You'd think something called The Fine Living Network would teach you how to hold your salad fork or how to set a formal table. But their series "Wedding SOS" (8 p.m., FLN) doesn't so much instruct as confirm some very bad habits.
Like far too many shows, "SOS" features a woman with a British accent (Jane Dayus Hinch) who is counted on to solve every problem. She has an assistant, apparently gay, who handles the fashion decisions she can't. He says "fabulous" a lot.
In an episode made available for review, Jane helps a couple who want a really nice wedding but haven't done much work. And they've got 10 days to go. To make matters worse, the bride has gotten a little chunky since she bought her gown, and her mother purchased a dreadful outfit from a catalog (seemingly in the dark), and her estranged father refuses to RSVP.
We know Jane will rise to the occasion and smooth every wrinkle in roughly 22 minutes. But a rising voice within me kept asking, "Why?" If Jane really wanted to help these people, she'd hold up a harsh mirror to their laziness, their undisciplined habits and their passive-aggressive family dynamics - not to mention their obesity.
I wanted to see Jane get angry and tell the weeping bride, "Get off your ever-widening posterior and plan your own wedding!" Now that would be great reality television. Instead, she sprinkled fairy dust, worked like a demon and even served as the mistress of ceremony at their wedding.
The couple will probably have lazy kids, let them run amok and then call on "Supernanny" to step up to the plate.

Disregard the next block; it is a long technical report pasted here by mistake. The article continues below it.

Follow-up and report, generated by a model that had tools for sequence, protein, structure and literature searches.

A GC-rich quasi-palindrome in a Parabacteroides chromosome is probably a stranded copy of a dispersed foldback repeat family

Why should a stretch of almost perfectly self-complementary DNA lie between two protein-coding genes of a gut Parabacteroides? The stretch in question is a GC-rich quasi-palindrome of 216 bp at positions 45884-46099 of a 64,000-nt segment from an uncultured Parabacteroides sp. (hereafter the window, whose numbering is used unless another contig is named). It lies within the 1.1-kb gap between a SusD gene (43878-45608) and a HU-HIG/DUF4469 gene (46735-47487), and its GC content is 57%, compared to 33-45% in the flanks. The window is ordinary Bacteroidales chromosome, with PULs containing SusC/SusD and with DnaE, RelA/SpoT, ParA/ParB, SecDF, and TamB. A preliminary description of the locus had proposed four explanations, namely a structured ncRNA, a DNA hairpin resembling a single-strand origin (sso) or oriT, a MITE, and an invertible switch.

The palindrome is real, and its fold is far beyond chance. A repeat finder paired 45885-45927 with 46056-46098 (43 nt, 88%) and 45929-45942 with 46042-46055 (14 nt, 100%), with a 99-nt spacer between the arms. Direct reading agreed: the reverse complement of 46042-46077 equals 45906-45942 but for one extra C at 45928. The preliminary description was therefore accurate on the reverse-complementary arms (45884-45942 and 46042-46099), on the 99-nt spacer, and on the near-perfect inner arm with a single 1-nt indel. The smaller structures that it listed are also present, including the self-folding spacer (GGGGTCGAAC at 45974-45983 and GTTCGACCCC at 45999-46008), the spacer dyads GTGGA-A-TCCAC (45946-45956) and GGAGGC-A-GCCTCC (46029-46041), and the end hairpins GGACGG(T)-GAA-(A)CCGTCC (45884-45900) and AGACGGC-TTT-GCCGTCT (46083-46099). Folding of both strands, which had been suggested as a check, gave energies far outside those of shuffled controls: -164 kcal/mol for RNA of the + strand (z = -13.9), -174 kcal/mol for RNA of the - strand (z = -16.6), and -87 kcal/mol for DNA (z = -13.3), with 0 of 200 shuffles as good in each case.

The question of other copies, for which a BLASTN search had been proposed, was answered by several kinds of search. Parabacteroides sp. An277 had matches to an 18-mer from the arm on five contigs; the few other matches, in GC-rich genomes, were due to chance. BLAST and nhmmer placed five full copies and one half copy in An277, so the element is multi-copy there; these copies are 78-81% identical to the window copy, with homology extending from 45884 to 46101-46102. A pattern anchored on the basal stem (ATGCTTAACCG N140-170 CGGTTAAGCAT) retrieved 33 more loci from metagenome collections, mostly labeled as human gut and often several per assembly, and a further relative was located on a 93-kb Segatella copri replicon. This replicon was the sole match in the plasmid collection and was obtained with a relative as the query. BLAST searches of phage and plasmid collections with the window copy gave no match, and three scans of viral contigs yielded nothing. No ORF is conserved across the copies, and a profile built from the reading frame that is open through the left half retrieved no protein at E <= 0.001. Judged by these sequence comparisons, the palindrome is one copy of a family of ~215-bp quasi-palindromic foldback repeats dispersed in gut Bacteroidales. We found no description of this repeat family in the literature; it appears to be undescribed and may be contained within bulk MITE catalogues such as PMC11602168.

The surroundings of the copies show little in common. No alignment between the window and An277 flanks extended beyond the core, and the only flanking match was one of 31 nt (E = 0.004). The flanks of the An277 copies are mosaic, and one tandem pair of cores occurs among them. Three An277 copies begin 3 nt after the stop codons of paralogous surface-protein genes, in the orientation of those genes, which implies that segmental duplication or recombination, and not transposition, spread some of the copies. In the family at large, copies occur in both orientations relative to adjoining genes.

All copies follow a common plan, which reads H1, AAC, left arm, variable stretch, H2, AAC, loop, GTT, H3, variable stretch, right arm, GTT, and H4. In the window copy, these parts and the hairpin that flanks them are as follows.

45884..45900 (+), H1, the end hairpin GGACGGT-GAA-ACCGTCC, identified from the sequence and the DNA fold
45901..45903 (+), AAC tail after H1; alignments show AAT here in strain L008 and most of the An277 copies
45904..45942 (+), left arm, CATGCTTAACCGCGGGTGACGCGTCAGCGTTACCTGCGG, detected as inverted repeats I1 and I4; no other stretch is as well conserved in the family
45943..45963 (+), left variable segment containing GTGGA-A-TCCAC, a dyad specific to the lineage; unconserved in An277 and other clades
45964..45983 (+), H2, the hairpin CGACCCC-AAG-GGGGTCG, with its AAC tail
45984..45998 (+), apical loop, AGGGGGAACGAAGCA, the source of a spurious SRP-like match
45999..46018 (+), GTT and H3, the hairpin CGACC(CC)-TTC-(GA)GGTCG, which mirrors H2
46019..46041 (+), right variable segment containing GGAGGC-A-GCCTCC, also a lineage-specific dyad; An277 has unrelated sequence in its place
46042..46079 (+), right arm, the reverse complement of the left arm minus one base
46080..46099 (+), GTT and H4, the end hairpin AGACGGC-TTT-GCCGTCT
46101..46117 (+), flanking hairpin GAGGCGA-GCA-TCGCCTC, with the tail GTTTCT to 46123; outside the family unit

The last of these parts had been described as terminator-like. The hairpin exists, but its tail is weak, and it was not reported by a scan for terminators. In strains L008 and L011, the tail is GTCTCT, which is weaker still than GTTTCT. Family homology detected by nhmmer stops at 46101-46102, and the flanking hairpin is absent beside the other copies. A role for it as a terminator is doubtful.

¢ Can Disney duplicate the success of "High School Musical" with something called "Camp Rock" (7 p.m., Disney)? Demi Lovato stars as a teen attending a camp for musical prodigies, where she meets a musical star who has lost his passion for singing. The setting and the story offer a backdrop for plenty of dancing and singing. Disney is so confident its audience will love it that they released the "Camp Rock" soundtrack CD three days ago.
¢ Cameron Mathison and Sherri Shepherd host the 35th Annual Daytime Emmy Awards (7 p.m., ABC), a celebration of soaps, talk fests and game shows. Confident that the awards will draw an audience of soap opera fans, ABC will follow the Emmys with a network showcase of "MVP" (9 p.m., ABC), the Soapnet melodrama set in the world of professional hockey.
Tonight's other highlights
¢ Two jokers (Steve Zahn and Paul Walker) discover the dark side of the CB radio subculture in the 2001 thriller "Joy Ride" (6 p.m., FX).
¢ Director Tim Burton remade "Planet of the Apes" (7 p.m., Fox) in 2001. I'm still wondering why.
¢ Candidates (Henry Fonda and Cliff Robertson) vie for their party's nomination and are willing to dive into the gutter to get it in the 1964 drama "The Best Man" (7 p.m., TCM), adapted from a Broadway play written by Gore Vidal.
¢ On two episodes of "Numb3rs" (CBS), a possible vigilante (8 p.m.), fears of an army of Manchurian candidates (9 p.m.).
¢ "True Hollywood Story" (8 p.m., E!) profiles actress Charlize Theron.